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Installing an Operating System onto a Physical Partition from a Virtual Machine
In some situations, you may want to install a guest operating system directly on a physical disk or partition even if you do not need to boot that disk on the host, outside of the virtual machine.
It is possible to use either an unused partition or a completely unused disk on the host as a disk in the virtual machine. However, it is important to be aware that an operating system installed in this setting probably cannot boot outside of the virtual machine, even though the data is available to the host.
If you have a dual-boot system and want to configure a virtual machine to boot from an existing partition, see Configuring a Dual-Boot Computer for Use with a Virtual Machine. The instructions in this section do not apply to a disk with a previously installed operating system.
Caution: Physical disks are an advanced feature and should be configured only by expert users.
VMware Workstation uses description files to control access to each physical disk on the system. These description files contain access privilege information that controls a virtual machine's access to certain partitions on the disks. This mechanism prevents users from accidentally running the host operating system again as a guest or running a guest operating system that the virtual machine is not configured to use. The description file also prevents accidental writes to physical disk partitions from badly behaved operating systems or applications.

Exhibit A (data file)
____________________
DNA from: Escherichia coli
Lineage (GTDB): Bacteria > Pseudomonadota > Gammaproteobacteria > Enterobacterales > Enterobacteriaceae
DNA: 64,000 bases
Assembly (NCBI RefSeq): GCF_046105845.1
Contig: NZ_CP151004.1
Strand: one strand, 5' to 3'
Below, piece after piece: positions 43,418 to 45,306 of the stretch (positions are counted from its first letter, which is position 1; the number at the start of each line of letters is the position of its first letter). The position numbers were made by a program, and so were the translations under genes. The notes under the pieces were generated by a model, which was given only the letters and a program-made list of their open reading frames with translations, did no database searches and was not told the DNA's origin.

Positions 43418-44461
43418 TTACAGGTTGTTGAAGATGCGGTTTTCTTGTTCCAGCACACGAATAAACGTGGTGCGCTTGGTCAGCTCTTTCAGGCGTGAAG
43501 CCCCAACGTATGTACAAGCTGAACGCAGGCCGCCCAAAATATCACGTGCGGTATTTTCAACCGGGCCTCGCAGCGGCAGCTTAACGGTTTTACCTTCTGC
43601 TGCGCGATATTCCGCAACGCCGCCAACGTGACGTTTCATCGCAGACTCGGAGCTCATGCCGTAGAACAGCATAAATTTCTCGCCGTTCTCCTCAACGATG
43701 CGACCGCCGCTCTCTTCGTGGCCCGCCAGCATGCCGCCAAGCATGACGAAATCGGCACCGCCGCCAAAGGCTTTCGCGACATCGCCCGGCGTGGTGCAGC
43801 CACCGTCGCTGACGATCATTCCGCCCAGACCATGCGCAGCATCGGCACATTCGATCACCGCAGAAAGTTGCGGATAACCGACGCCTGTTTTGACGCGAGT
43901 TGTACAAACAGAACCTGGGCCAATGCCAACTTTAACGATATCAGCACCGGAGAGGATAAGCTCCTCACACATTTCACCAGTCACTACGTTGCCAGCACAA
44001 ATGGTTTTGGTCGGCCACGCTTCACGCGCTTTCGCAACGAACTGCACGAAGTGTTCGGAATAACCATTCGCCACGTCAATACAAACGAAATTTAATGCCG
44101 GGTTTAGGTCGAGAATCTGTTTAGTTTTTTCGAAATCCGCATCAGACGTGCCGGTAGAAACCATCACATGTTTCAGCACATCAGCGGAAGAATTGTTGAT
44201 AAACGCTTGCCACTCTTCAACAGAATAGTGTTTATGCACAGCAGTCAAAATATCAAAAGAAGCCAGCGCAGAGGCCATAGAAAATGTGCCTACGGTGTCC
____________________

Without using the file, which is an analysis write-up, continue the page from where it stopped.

Use the New Virtual Machine Wizard to configure VMware Workstation to use existing physical disk partitions. The wizard guides you though creating a new virtual machine including configuring the physical disk description files. Rerun the wizard to create a separate configuration for each guest operating system installed on a physical partition.